The Appeal Court sitting in Abuja has upturned Senate President Bukola Saraki’s acquittal by the Code of Conduct Tribunal.
The three-man panel led by Justice Tinuade Akomolafe-Wilson unanimously ruled that the Senate President return to the CCT to face trial on three counts out of the 18 initially slammed on him.
The court dismissed the remaining 15 counts and ordered the remittance of the three back to CCT for continuation of the trial.
“The court has evaluated the entire issues contained in this appeal and it is important to note that 15 out of the 18 count-charge are hereby dismissed.
“It is clear to the court that the appellant has failed to establish prima facie on those charges against the respondent.
“However, the testimony from Saraki’s banker and evidence of prosecution before the trial court did establish a prima facie based on counts four, five and six.
“So in the light of this, these counts are remitted to the trial court for the continuation of the respondent’s trial,’’ she said.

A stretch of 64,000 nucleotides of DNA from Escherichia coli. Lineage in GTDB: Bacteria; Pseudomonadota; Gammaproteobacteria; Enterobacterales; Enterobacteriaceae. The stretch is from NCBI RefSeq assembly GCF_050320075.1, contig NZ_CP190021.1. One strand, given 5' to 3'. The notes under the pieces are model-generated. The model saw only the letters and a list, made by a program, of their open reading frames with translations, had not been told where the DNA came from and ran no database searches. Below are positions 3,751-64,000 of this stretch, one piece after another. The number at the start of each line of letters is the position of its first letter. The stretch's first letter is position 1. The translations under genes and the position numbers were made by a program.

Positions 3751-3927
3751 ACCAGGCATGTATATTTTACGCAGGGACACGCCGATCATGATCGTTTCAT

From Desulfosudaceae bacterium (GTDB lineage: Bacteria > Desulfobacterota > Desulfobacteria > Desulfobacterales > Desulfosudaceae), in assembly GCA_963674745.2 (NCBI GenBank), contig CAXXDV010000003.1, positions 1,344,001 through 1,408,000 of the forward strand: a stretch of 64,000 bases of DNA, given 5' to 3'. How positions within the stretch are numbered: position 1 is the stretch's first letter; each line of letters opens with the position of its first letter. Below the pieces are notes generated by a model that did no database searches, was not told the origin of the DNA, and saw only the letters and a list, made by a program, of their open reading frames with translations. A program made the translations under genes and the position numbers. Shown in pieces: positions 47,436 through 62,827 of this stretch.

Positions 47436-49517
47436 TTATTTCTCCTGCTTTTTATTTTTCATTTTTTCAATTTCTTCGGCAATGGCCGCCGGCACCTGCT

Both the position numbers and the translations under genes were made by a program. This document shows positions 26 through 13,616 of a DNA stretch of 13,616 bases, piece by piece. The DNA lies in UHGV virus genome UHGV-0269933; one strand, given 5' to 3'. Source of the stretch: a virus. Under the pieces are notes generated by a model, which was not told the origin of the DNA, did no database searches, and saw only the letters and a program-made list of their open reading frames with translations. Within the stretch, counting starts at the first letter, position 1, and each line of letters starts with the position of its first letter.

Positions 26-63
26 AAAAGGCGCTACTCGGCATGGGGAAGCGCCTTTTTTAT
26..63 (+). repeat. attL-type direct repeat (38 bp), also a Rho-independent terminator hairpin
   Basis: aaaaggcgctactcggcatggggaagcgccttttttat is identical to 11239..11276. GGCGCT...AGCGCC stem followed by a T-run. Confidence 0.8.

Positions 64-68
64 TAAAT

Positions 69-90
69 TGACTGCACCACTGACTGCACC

The News Agency of Nigeria (NAN) reports that the three counts border on the respondent’s purchase of No. 17A and No. 17B MacDonald Street, Ikoyi, Lagos.
Saraki had claimed that he acquired those properties from proceeds of sale of rice and sugar while serving as Governor of Kwara State.
Saraki’s testimony contradicted his banker’s who testified that the properties were procured through loans.
The Code of Conduct Tribunal (CCT) in Abuja, chaired by Mr. Danladi Umar, had discharged and acquitted Saraki on 14 July over allegations of false assets declaration. His ground was that the prosecution failed to prove its case.
The tribunal said that the evidence against the Senate president was insufficient and wishy-washy.
According to Danladi, the defence was able to discredit all the evidences adduced by the prosecution during cross examination of witnesses.
The tribunal upheld the no-case-submission of Saraki, stressing that the evidence led by the prosecution was discredited under cross examination and therefore unreliable.
The CCT further held that no reasonable tribunal would convict a defendant on the evidence led by the prosecution through its four witnesses.
Days after, the Office of the Attorney-general of the Federation filed a notice of appeal.
After amending the initial charge against the Senate President, the Federal Government had filed an 18-count charge bordering on false assets declaration.
The prosecution team, led by Mr Rotimi Jacobs, filed the amended charge on Feb. 8 after trial had begun.
Saraki was initially standing trial on a 13-count charge of false asset declaration.